Laura Wilcox's home page
I am an Associate Professor at the National Centre for Atmospheric Science (NCAS) in the University of Reading interested in the role of anthropogenic aerosol in regional climate change. At present, I am splitting my time between two projects, CATHY and TerraFIRMA.
As part of CATHY (Climate implications of rapid changes in Asian Anthropogenic Aerosol emissions: Temperature, Hydrological cycle and variabilitY) we are quantifying climate related hazards resulting from ongoing and projected changes in Asian aerosol emissions. The range of climate impacts and societal hazards may dominate regionally over greenhouse gas induced trends for the next several decades, but are not well understood. I am analysing global responses to local aerosol changes in climate models with a range of complexities to better understand the physical mechanisms involved.
In TerraFIRMA we are assessing a range of climate mitigation strategies and investigating the risks and consequences associated with overshooting key global warming targets, including the risk of rapid change in a range of regional climate phenomena and the potential reversibility of any triggered changes. My work focusses on the role of near-future changes in anthropogenic aerosol emissions, and the potential air quality co-benefits in climate mitigation strategies.
I am also the co-chair of RAMIP (Regional Aerosol Model Intercomparison Project). This is a set of experiments designed to quantify the role of anthropogenic aerosol in the spread in near-term climate projections. The experiments are based on the Shared Socioeconomic Pathways and designed to quantify the role of global and regional aerosol changes in near-term projections, and explore sensitivities to aerosol type and location. By performing these experiments with a number of models we can also explore sensitivities to the strength of aerosol forcing, and to differences in the representation of key climate processes.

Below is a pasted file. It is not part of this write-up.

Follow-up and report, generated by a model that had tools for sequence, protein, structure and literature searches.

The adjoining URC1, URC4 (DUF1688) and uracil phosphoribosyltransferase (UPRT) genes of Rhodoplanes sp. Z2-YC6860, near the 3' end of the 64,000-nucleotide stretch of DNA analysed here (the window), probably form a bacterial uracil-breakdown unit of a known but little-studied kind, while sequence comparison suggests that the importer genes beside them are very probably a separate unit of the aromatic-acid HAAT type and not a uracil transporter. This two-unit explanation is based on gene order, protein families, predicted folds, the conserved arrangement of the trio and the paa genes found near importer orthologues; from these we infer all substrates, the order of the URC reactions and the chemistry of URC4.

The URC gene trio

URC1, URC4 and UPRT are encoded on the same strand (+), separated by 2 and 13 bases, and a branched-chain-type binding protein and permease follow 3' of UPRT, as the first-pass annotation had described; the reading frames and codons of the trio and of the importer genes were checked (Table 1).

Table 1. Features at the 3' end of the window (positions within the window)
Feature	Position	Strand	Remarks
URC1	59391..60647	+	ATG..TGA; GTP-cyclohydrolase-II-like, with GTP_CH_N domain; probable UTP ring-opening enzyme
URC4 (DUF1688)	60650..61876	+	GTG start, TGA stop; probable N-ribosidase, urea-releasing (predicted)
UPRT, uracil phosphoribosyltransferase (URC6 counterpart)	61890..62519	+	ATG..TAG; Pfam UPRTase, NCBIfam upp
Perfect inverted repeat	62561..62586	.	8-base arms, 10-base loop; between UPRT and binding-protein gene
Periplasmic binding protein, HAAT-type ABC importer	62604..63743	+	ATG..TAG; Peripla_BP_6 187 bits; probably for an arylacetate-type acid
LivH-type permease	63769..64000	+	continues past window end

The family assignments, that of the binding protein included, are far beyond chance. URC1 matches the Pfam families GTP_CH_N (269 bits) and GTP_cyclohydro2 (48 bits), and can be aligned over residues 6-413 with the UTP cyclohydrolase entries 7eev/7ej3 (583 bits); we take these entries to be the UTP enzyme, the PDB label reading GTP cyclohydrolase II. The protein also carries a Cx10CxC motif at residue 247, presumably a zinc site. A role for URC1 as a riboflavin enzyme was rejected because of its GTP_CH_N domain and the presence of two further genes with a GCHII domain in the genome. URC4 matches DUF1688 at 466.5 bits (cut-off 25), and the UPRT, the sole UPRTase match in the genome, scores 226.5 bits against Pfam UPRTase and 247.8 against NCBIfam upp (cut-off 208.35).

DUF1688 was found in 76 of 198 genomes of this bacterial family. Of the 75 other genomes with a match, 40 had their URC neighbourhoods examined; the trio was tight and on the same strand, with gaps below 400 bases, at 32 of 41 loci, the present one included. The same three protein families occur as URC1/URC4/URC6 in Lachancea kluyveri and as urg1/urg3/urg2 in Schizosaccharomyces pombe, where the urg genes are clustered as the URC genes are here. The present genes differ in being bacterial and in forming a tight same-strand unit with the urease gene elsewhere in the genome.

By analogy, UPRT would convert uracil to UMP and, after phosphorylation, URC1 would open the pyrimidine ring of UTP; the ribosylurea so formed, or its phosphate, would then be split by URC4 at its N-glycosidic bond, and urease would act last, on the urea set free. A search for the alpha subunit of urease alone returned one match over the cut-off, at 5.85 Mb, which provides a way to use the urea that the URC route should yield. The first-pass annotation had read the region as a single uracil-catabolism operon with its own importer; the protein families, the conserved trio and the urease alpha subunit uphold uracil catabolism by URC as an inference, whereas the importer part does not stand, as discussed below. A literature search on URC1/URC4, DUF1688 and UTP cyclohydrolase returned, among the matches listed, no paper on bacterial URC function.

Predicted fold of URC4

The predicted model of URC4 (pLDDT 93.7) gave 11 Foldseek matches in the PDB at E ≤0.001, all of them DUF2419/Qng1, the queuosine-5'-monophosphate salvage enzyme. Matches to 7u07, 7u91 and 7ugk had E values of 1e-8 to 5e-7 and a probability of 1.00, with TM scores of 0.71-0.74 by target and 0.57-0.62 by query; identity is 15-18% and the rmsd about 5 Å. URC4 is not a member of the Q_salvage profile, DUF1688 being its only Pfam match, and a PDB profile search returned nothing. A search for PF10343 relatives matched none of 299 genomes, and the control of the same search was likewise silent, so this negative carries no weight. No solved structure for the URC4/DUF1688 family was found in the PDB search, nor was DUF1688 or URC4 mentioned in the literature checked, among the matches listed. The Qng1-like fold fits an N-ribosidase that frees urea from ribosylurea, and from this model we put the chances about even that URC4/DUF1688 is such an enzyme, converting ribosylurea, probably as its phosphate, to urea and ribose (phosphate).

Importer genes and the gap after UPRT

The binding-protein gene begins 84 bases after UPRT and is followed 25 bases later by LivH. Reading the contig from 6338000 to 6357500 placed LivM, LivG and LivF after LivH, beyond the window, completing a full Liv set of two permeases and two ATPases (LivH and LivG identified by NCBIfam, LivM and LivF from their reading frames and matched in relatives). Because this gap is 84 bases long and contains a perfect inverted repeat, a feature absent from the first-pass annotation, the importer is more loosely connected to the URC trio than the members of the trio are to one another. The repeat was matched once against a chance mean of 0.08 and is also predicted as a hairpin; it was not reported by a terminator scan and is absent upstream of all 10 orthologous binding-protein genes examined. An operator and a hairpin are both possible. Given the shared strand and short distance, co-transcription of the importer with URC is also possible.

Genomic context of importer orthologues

Follow the links at the top of the page to find out more.
Climate Science for Service Partnership: China (CSSP China): Across a number of projects, we looked at the relationship between aerosols and regional climate dynamics, and the importance of the complexity of the representation of both natural and anthropogenic aerosols in models for their simulation of climate and climate change.
EMERGENCE: Working with Paul-Arthur Monerie and Andrew turner we quantified the effect of aerosol on climate hazards, with a particular focus on the monsoons.
ACSIS: I explored the role of aerosol in the North Atlantic climate system.
SMURPHS: Working with Andrea Dittus and Ed Hawkins to characterise the interactions between the climate response to anthropogenic aerosol emissions and natural variability, and explore the effects of uncertainty in aerosol forcing on the representation of historical climate.
EUCLEIA: I quantified the role of air-sea interactions in the attribution of extreme weather events in Europe, and quantified the relative roles of natural and anthropogenic contributions to the extreme summers of 2012 and 2015, and the extreme winter of 2009-2010.
PAGODA: I identified aerosol influences on the water cycle, and quantified the relative importance of sources of uncertainty in aerosol radiative forcing.
I have also worked with Andrew Charlton-Perez to quantify the importance of the role of the modelled stratosphere in simulations of climate and climate change.